It appears on first reading that "lots of paper" should be understood as a plural noun (lots) modified by an of-genitive "of paper". However a better analysis would be that "lots of" is a determanitive phrase, with a similar function to "some" (similar function but different meaning)
He used some paper ...
If you have a countable noun, you can say (for example) a lot of things or (less formally) lots of things. Whichever you say, the pronoun is then they.
If you have a mass noun, you can say a lot of paper or (less formally) lots of papers. Whichever you say, the pronoun is then it.
("Paper" can also be countable in some cases, but that's ...
This is a case where what is actually being talked about is multiple, but we are using a word that takes singular forms ("paper" is uncountable, but it takes a singular pronoun). The singular is technically correct, but there's some leeway to use the plural. BrE has more of a tendency to use the plural in these cases. You can also say "He used ...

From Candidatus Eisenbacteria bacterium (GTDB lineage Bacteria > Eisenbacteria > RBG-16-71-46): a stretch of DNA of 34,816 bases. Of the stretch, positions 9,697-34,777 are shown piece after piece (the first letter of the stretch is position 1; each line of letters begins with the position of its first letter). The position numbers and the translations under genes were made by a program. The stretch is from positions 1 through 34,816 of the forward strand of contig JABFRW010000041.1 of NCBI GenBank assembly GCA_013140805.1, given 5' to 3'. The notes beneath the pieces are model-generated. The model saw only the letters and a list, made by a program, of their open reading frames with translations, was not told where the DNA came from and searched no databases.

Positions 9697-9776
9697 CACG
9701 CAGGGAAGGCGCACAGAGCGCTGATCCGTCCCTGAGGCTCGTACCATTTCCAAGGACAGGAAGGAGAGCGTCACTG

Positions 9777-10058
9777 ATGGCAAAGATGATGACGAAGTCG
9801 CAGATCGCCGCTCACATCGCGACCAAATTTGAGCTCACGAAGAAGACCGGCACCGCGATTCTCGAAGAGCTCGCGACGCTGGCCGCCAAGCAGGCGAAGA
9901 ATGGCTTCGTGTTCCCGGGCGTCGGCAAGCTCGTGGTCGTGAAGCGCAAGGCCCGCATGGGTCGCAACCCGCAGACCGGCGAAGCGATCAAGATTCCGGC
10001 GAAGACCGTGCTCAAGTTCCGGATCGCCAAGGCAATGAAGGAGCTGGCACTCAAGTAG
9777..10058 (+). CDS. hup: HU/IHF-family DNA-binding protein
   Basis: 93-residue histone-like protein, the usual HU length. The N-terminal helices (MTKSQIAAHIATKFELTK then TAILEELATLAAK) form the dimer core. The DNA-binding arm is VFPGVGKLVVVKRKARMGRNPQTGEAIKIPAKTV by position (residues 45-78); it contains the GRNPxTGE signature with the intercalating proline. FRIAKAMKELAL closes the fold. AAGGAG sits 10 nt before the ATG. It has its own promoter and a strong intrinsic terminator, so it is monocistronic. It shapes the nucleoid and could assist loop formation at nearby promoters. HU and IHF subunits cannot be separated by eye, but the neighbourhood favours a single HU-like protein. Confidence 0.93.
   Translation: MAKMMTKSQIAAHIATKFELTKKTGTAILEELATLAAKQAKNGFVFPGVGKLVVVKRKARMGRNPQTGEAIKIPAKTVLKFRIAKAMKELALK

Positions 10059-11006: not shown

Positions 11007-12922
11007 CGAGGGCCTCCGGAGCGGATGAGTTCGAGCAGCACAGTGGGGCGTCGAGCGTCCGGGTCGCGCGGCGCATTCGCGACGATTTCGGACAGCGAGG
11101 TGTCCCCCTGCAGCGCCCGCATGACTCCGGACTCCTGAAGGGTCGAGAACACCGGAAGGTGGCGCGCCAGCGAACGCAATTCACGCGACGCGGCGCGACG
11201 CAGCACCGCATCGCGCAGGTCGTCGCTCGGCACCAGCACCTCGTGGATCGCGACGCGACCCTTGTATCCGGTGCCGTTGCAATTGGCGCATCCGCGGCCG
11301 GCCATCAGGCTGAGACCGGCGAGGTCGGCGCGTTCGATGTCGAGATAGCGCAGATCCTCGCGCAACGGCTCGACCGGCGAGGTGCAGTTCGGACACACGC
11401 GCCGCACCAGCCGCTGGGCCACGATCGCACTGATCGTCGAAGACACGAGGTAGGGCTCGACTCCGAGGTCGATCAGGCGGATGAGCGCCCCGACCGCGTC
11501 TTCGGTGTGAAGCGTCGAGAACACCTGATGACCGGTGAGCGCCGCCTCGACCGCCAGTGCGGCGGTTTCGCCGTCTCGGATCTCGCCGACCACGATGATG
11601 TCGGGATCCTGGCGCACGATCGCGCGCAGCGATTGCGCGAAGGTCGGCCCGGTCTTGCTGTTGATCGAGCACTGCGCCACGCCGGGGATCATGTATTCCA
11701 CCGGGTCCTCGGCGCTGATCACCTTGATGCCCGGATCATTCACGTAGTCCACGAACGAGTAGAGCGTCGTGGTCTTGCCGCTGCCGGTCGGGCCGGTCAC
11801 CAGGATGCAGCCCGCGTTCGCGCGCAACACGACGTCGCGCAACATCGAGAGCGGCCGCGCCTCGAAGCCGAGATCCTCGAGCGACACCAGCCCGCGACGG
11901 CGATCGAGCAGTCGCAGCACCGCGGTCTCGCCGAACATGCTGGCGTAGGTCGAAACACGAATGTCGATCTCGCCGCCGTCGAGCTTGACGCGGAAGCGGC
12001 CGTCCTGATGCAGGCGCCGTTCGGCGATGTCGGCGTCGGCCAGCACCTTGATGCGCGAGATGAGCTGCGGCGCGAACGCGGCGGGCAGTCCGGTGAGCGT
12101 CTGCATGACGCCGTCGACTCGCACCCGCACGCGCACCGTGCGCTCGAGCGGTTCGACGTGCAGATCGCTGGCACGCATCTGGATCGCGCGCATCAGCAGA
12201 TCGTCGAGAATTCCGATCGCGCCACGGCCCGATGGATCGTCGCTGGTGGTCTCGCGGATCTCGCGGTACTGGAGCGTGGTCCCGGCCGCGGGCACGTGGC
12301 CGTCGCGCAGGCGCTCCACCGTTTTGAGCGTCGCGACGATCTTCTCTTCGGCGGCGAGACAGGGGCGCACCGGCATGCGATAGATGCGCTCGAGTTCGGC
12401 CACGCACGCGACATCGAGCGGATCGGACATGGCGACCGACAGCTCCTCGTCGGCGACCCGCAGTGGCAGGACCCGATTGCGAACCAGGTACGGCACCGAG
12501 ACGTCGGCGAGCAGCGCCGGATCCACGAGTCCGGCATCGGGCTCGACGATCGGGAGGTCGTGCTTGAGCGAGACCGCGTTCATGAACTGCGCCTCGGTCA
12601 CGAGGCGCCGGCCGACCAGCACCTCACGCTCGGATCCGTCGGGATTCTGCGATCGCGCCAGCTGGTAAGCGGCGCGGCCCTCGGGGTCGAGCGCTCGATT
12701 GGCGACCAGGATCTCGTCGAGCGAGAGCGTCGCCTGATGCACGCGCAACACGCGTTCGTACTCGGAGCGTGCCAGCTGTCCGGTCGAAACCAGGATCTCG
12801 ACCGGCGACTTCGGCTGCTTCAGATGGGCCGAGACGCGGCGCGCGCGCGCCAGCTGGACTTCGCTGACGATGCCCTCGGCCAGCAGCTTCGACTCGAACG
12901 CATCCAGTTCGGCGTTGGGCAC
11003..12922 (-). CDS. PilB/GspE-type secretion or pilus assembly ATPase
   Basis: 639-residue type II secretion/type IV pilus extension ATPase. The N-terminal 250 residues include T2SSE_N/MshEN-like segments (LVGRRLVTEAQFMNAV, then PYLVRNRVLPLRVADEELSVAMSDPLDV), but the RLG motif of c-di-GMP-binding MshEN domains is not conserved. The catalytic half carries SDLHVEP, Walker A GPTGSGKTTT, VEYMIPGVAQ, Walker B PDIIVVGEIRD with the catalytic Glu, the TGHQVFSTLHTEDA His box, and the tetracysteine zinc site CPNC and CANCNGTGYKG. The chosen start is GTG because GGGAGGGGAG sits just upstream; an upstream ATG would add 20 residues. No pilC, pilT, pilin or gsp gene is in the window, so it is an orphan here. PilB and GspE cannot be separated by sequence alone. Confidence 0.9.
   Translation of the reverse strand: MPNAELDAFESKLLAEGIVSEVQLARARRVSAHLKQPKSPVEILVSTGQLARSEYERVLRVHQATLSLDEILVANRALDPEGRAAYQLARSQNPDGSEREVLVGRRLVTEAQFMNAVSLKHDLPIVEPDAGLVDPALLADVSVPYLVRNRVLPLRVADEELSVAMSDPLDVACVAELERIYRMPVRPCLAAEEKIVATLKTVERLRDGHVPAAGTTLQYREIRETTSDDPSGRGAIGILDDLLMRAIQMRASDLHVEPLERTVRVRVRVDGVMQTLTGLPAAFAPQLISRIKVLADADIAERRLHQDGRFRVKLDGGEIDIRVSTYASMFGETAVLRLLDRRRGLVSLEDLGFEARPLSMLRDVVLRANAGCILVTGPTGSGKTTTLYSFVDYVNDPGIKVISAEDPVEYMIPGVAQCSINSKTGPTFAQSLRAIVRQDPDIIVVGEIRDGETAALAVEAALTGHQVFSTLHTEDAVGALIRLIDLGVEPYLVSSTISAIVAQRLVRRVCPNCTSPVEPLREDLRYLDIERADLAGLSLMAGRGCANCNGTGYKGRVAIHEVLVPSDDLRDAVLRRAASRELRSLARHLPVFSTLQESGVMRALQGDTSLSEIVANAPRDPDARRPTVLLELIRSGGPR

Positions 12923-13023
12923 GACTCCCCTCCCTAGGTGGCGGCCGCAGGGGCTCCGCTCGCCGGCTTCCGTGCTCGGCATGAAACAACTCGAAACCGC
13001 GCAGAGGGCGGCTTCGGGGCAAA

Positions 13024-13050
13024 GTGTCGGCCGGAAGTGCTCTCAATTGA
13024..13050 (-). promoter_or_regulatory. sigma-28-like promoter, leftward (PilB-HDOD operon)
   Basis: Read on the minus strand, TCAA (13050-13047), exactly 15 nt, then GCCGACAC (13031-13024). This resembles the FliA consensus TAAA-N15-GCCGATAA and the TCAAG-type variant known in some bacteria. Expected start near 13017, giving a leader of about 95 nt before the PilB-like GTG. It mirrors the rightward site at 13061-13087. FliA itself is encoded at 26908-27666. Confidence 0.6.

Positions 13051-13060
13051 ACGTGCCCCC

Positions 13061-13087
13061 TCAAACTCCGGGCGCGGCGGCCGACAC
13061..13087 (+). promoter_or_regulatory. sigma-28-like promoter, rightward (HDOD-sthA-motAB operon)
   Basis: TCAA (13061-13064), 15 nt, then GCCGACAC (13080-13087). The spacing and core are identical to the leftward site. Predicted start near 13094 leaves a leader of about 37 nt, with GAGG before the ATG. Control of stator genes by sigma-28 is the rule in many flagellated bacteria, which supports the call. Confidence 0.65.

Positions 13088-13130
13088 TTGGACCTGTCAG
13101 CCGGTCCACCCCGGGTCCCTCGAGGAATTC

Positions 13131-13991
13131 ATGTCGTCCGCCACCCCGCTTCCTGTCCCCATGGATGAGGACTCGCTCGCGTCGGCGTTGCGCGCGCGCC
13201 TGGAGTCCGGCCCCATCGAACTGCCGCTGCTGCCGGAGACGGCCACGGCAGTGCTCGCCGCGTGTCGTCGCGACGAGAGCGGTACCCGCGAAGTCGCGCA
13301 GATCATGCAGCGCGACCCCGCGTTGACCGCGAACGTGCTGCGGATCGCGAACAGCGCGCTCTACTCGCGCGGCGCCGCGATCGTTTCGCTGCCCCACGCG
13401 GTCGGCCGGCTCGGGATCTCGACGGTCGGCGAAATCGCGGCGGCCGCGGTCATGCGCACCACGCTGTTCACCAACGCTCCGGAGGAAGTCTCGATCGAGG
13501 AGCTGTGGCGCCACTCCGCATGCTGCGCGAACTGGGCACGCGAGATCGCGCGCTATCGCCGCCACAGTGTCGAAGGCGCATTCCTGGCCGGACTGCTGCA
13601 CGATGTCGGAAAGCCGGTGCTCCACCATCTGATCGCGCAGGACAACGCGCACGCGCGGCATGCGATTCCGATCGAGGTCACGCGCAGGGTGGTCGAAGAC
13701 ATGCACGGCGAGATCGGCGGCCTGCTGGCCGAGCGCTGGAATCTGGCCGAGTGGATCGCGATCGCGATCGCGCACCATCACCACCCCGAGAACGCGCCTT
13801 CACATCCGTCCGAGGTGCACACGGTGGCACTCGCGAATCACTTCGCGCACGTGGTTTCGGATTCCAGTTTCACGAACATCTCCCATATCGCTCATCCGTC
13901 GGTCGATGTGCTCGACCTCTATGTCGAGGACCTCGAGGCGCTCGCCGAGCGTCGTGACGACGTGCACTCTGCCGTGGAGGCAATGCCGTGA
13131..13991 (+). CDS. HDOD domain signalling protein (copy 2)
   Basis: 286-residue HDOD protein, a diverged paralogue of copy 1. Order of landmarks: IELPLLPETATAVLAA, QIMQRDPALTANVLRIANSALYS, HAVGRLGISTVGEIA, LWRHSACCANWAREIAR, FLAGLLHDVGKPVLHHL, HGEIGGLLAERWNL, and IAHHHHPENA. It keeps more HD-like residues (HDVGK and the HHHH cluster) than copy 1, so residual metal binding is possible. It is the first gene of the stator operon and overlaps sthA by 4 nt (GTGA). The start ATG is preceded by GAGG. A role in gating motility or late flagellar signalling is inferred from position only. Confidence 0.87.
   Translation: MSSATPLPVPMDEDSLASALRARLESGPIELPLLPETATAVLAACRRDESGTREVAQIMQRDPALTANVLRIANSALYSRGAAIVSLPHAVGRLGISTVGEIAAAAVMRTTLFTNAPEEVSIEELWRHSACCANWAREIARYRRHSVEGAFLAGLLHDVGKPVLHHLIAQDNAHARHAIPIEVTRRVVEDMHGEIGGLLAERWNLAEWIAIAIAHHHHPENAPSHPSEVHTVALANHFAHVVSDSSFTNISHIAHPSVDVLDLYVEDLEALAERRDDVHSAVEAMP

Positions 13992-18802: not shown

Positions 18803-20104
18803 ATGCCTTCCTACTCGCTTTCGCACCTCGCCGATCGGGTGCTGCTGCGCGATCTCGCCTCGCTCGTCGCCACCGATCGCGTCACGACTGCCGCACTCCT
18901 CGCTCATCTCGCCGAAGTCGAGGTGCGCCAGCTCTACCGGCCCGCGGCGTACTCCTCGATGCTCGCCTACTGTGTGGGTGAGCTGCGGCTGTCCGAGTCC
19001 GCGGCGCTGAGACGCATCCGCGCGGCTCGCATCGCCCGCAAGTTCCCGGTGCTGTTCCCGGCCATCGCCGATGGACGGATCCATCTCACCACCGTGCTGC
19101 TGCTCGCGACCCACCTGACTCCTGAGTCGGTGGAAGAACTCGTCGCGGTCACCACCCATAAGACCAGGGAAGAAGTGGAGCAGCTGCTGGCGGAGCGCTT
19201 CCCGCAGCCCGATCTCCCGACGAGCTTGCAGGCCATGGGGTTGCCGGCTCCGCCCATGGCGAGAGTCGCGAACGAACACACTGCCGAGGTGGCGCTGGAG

If we use the term our usual way, yes, there is one sky.
Cambridge Dictionary, however, also has this definition:
skies [ plural ]
the sky in a particular state or place:
For weeks we had cloudless blue skies.
We're off to the sunny skies of Florida.
Ngram shows also significant use of 'skies'.
We may deduce that it is countable.
"Code" in the sense of "computer code" is a mass noun, and so has no plural. It would be "lines of code".
code .... Computing mass noun Program instructions. ‘assembly code’
... ‘The answer is 609,000 and this is the number of lines of code in the software for the computers and avionics systems.’ (Lexico - https://www.lexico....
It's all about the sense implied. In the first sentence(I hear a noise.) noise is synonymous with a sound. In this sense, the word refers to a distinct (loud) sound that can distract the mind for a short moment.
We say: 'Don't make a noise, please.' ['Please keep quiet.] Here, the word refers to a noisy atmosphere (as in a classroom) created by talking.